Adjectivelevorotatory (symbol l-)
- of an optically active compound or crystal that rotates the plane of polarized light to the left, or anticlockwise
Dextrorotation and levorotation (also spelled laevorotation) refer, respectively, to the properties of rotating plane polarized light clockwise (for dextrorotation) or counterclockwise (for levorotation). A compound with dextrorotation is called dextrorotary, while a compound with levorotation is called levorotary.
Compounds with these properties are said to have optical activity and consist of chiral molecules. If a chiral molecule is dextrorotary, its enantiomer will be levorotary, and vice-versa. In fact, the enantiomers will rotate polarized light the same number of degrees, but in opposite directions.
It is not possible to determine whether any chiral molecule will be levorotatory or dextrorotatory directly from its configuration, except via detailed computer modeling. In particular, both "R" and "S" stereocenters have the ability to be dextrorotatory or laevorotatory.
The prefixes "(+)-", "(-)-", "d-", "l-", "D-", and "L-"
A dextrorotary compound is often prefixed "(+)-", or (less often) "d-". Likewise, a levorotary compound is often prefixed "(-)-", or (less often) "l-". These "d-" and "l-" prefixes should not be confused with the "D-" and "L-" prefixes based on the actual configuration of each enantiomer, with the version synthesized from naturally occurring (+)-glyceraldehyde being considered the D- form. For example, nine of the nineteen L-amino acids commonly found in proteins are dextrorotatory (at a wavelength of 589 nm), and D-fructose is also referred to as levulose because it is levorotatory. See the article: Chirality (chemistry).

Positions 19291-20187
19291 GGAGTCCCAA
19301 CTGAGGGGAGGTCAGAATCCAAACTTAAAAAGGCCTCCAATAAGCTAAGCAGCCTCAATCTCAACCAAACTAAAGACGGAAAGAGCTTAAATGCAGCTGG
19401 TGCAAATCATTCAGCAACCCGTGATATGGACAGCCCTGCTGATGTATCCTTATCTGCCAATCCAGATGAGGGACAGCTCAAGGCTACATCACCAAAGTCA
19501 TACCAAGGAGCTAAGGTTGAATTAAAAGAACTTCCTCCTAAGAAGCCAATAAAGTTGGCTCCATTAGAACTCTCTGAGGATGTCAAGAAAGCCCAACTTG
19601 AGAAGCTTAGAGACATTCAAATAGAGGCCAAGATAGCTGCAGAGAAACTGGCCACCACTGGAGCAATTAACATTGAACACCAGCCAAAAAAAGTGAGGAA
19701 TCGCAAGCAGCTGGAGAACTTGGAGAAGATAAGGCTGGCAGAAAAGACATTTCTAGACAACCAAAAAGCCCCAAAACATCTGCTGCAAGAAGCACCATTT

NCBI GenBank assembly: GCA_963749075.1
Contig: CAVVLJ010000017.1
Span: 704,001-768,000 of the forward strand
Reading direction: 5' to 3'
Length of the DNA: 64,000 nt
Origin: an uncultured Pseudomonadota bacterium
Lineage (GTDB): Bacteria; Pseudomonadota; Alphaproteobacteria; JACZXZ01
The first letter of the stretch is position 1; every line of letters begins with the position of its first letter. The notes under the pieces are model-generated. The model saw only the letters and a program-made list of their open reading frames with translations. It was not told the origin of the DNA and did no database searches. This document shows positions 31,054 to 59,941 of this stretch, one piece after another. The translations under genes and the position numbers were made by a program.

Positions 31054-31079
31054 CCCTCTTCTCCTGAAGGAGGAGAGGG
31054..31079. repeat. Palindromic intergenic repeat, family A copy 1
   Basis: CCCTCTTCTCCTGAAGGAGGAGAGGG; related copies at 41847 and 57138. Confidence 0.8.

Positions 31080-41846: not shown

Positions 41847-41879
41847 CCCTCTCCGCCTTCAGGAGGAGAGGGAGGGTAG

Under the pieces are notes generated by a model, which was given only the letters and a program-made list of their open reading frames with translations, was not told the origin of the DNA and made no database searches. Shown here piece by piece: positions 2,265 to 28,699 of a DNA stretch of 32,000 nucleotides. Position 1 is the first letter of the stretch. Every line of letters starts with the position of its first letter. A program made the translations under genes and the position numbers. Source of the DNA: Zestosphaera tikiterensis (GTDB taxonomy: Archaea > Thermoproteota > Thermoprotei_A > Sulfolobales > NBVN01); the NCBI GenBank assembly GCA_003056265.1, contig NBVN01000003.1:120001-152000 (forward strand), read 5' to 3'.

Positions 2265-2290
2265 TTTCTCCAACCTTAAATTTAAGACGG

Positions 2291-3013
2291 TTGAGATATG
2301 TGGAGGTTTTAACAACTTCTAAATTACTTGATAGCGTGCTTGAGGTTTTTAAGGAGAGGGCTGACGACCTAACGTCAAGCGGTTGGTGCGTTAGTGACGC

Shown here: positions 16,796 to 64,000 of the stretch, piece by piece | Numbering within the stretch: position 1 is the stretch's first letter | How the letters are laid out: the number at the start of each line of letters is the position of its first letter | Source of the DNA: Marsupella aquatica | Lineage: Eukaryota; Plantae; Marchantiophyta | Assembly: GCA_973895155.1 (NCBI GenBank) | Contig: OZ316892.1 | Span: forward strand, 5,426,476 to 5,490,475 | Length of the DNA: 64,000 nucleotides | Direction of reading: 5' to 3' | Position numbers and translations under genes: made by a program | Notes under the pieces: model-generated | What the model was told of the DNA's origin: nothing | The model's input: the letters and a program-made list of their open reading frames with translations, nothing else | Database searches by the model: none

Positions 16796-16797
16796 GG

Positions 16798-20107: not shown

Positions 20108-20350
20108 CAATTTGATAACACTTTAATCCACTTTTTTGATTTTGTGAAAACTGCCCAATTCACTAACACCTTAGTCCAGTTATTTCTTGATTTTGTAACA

The prefixes "(R)-" and "(S)-"
There is no correlation between the (R) and (S) configuration of enantiomers and the direction of rotation of plane-polarized light.
Specific rotationA standard measure of the degree to which a compound is dextrorotary or levorotary is the quantity called the specific rotation [α]. Dextrorotary compounds have a positive specific rotation, while levorotary compounds have negative. Two enantiomers have equal and opposite specific rotations.
The formula for specific rotation is:
[\alpha] = \frac
where: [α] = specific rotation α = observed rotation c = concentration of the solution of an enantiomer l = length of the tube (Polarimeter tube)
The degree of rotation of plane-polarized light depends on the number of chiral molecules that it encounters on its way through the tube of polarimeter (thus, the length of the tube and concentration of the enantiomer). In many cases, it also depends on the temperature and the wavelength of light that is employed.
NotesSolomons, T.W. Graham, and Graig B. Fryhle. Organic Chemistry. 8th. Hoboken: John Wiley & Sons, Inc., 2004.
levorotatory in French: Lévogyre
levorotatory in French: Dextrogyre